Reducing saturated FA and increasing unsaturated FA contents in ice cream may lead to differences in the degree of oxidation or hydrolytic rancidity [12], as well as melting resistance and overrun [13]. In this regard, very little research is available on ice cream manufacturing using milk with different unsaturation degrees of FA. Therefore, the objective of this study was to determine the effect of supplementing cows with different unsaturated FA sources on milk production, milk composition, milk fatty acid profile, and the physicochemical and sensory characteristics of ice cream. The main hypothesis tested in this study was that the degree of unsaturation of dietary lipids (soybean oil as a rich source of C18:2 cis-9, cis-12 vs. fish oil as a rich source of EPA and DHA) could affect the FA profile of milk and thereby affect the physicochemical and sensory characteristics of ice cream.

2. Materials and Methods

2.1. Animals and Treatments

Animal care and procedures were carried out according to the guidelines of the animal care committee of the Pontificia Universidad Católica de Chile (project code 150730013). The study was conducted at the Estación Experimental Pirque (33°38’28” S, 70°34’27” W) of the Pontificia Universidad Católica de Chile. Cows were housed in a free-stall barn and fed using Calan Broadbent feeding doors (American Calan, Inc., Northwood, NH, USA) and had continuous access to water.
Fifteen Holstein cows, averaging 198 ± 35 days in milk and a live weight of 637 ± 68 kg at the beginning of the study, were assigned to three treatment groups based on body condition score (BCS; scored on a five-point scale where 1 = emaciated to 5 = obese) and milk yield to achieve comparable groups. Before commencing the study, average BCS for the 3 groups were 2.8 ± 0.3, 2.6 ± 0.2, and 2.7 ± 0.3. Milk yield for the 3 groups was: 40 ± 6, 40 ± 9, and 40 ± 8 kg/d.
Three diets containing 63% forage and 37% concentrate were formulated to meet the nutrient requirements [14] of a 650 kg dairy cow in mid-lactation, eating 26.5 kg of DM per day (Table 1). The control diet contained no added lipid. Diet SO was supplemented with unrefined soybean oil at 30 g/kg of DM. Diet FO was supplemented with unrefined salmon oil at 30 g/kg of DM. Five cows were fed on each diet for a period of 9 weeks. Diets were offered to cows individually, at a fixed daily allowance to ensure complete consumption. Supplementary oils were mixed manually and individually into the diet of cows receiving SO or FO. The most abundant FA (g/100 g of total FA) detected in soybean oil were: C16:0 (14), C18:1 cis-9 (17), and C18:2 cis-9, cis-12 (50). The main FA in fish oil were C16:0 (16), C18:2 cis-9, cis-12 (16), C20:5n-3 (16), C20:5n-3 (5), and C22:6n-3 (8). Treatment diets were sampled every 14 days and stored at −20 °C for later chemical analyses. Standard procedures for chemical composition analysis of experimental diets were reported previously [5,8]. Ingredients, chemical composition, and FA profile of the diets are shown in Table 1. BCS and body weight were measured on days 21, 42, and 63.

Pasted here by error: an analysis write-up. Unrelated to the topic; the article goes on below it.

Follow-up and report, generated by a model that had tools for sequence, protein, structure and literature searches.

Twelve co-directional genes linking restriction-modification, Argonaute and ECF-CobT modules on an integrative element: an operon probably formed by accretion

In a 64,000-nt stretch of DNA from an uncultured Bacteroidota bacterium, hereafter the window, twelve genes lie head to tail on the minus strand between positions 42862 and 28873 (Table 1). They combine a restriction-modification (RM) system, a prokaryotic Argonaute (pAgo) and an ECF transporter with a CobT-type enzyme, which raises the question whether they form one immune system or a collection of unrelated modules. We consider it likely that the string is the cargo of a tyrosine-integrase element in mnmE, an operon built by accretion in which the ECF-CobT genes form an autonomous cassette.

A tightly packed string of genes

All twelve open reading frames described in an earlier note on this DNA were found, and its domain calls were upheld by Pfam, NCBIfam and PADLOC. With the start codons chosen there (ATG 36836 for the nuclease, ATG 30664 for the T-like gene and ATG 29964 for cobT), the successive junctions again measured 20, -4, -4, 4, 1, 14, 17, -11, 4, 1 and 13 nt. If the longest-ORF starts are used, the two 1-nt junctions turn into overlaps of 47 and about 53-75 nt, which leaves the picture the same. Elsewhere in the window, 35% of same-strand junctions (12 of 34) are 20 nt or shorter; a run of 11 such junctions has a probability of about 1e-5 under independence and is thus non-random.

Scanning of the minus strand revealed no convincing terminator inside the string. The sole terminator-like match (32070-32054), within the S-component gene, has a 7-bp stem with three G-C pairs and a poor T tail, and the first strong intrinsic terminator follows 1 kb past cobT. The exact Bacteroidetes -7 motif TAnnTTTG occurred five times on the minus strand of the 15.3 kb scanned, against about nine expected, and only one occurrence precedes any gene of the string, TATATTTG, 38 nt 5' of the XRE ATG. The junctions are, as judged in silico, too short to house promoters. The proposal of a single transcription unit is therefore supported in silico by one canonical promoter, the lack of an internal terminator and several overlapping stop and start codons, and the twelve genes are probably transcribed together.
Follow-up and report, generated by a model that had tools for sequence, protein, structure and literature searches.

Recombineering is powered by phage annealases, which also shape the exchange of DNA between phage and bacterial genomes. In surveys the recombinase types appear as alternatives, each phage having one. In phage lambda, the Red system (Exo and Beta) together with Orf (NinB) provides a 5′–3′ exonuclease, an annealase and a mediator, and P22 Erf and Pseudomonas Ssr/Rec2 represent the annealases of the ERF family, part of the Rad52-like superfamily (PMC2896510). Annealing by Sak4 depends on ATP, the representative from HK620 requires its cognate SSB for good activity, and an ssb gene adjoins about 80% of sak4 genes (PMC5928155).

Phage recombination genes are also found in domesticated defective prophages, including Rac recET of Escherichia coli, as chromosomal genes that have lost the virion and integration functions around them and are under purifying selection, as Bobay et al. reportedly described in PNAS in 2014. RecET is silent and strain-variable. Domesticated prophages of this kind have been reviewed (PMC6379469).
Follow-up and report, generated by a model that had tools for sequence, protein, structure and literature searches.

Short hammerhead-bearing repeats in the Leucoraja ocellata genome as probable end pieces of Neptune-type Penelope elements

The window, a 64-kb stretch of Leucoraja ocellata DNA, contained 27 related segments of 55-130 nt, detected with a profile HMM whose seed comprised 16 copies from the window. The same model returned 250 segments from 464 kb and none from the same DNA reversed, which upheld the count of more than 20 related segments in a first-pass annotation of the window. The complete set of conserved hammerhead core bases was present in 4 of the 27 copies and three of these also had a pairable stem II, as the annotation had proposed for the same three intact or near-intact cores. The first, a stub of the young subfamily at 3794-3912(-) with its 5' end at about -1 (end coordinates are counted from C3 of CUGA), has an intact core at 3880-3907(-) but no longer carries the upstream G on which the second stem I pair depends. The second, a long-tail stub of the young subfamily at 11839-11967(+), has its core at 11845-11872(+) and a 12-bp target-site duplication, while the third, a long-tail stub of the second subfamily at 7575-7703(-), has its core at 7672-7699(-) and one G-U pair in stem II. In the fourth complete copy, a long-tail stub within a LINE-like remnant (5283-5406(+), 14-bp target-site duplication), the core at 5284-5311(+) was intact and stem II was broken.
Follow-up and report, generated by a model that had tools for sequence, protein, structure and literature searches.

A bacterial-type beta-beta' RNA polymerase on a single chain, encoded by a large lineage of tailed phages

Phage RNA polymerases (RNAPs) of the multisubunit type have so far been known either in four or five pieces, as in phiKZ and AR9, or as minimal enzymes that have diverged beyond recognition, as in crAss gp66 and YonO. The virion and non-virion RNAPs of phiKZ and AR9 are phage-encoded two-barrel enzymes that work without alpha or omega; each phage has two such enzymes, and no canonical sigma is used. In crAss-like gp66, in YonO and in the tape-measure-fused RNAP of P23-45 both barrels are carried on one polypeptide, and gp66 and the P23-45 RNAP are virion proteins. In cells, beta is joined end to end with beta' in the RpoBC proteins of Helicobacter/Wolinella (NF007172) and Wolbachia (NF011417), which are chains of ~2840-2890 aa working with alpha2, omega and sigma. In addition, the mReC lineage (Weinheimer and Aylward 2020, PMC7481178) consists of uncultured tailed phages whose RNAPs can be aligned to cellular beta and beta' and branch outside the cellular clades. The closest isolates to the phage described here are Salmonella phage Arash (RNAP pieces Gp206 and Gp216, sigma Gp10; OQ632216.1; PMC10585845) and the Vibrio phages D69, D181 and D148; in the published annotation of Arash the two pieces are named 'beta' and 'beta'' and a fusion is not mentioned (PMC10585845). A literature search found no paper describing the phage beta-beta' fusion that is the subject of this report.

2.2. Milk Yield and Composition

Cows were milked three times per day at 07:00, 15:00, and 22:00 h. Milk yield was recorded automatically (DelPro™ FarmManager; DeLaval, Sweden) at each milking. Milk samples were collected from each cow on days 21, 42, and 63, as described by [6], and analysed for fat, protein, and somatic cell count (SCC) with an infrared milk analyser (Milko-Scan CombiFoss 6000; Foss Electric, Hillerød, Denmark).

2.3. Fatty Acid Analysis

Milk fat separation was performed with a non-solvent method and the transesterification of FA according to our previous report [6]. A gas chromatograph (GC 2010) system (Shimadzu Scientific Instruments AOC-20s, Columbia, MD, USA) equipped with a 100 m column (Restek Rtx® GC 100 m × 0.32 mm i.d., 0.20 µm film thickness) was used. The GC conditions are reported previously by Vargas-Bello-Pérez et al. [6]. Fatty acid GC peaks were identified by using a FA methyl ester standard (FAME; Supelco 37 Component FAME mix, Bellefonte, PA, USA), and reference standards for C18:1 trans-11, C18:1 cis-9, trans-11, C20:5n-3, and C22:6n-3 (Nu-Chek-Prep Inc., Elysian, MN, USA). Atherogenic index (AI) and thrombogenic index (TI) were calculated according to equations of Ulbricht and Southgate [15].

2.4. Ice Cream Manufacturing

Milk collected on days 21, 42, and 63 from cows on the same treatment was pooled and made into ice creams. Raw milks at 45 °C were separated into cream (35% fat) and skim milk (0.1% fat) using a cream separator (Motop Electric, Motor Sich, Zaporozhye, Ukraine). Experimental creams were standardized to a fat content of 19.7%, pasteurized at 85 °C × 5 min, and cooled to 70 °C. The standardized creams (814 g) were mixed with sucrose (170 g; IANSA, Santiago, Chile), vanilla extract (13 g; Good Food S.A., Santiago, Chile), soy lecithin as emulsifier (2 g), and guar gum as stabilizer (1 g; Cherry Chile Ltd.a., Santiago, Chile) to obtain a mixture with 16% fat [16]. The ice cream mixtures were homogenized at 10,000/s for 90 s with an Ultra-Turrax homogenizer (T25; IKA-Labortechnik, Staufen, Germany), cooled to 4 °C with an ice bath, and ripened at 4 °C for 24 h. The manufacturing of ice cream was performed on a 900 g scale using a batch ice cream maker (Blanik BICM055M with 1.4 L of capacity; Blanik SPA, Santiago, Chile) under constant stirring for 30 min. The samples were then hardened at −20 °C for 48 h for further analyses.